In my recent article I pointed out that the resurgent Taliban now control most of the territory as well as govern the majority of the population of Afghanistan. I also quoted Tamim Asey – former Afghan Deputy Defence Minister – that the key battles would be in the cities of the country and this is proving rather accurate.
Almost as soon as my article went to press it has been reported by the Pakistani daily ‘Dawn’ that the city of Ghazni has now been completely surrounded and the Afghan government’s forces there are all but cut off. Ghazni is important because it is a key strategic point on the road between the two most important cities in Afghanistan: Kabul (the capital) and Kandahar (the former Taliban capital).
Nor is Ghazni alone as Kandahar has been under assault from the West by Taliban forces for four days straight and Afghan government forces – again as I previously noted this is primarily the Afghan special forces/commandos not regular Afghan army troops – are struggling to contain the offensive making it look like Kandahar might fall to the Taliban sooner rather than later.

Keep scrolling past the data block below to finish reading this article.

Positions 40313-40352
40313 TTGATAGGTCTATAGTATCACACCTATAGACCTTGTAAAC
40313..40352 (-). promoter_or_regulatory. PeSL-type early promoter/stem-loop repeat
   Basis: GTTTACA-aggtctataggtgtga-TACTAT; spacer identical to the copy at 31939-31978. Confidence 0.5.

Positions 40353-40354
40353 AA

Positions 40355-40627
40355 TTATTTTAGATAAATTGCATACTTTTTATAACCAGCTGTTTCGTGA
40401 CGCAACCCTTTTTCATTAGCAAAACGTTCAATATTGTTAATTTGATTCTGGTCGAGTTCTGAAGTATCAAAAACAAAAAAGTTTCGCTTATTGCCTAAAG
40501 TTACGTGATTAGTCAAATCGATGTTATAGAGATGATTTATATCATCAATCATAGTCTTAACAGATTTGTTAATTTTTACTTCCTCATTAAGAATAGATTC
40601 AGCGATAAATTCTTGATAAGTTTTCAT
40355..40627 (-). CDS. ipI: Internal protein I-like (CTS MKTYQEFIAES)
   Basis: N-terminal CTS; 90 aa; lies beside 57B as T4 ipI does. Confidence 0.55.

Taluqan and Badghis – both provincial capitals in the north and south respectively – have come under assault from the Taliban but those assaults were broken using air powerrather than ground troops suggesting that the Afghan government’s resources are insufficient to the military task at hand.
In addition despite a Taliban diplomatic contingent going to Moscow to tell the Russian government they were no threat to them; Russia is clearly suspicious of the Taliban’s motives as well as the possibility of a Taliban-run Afghanistan becoming a source of material and financial support for the Chechen Islamists that Vladimir Putin’s government have been in a brutal war with for more than three decades now.
With the Taliban looking stronger and stronger by the day is it just a matter of time before Afghanistan collapses back into its fundamentally medieval society?
We will see but it does seem distinctly likely.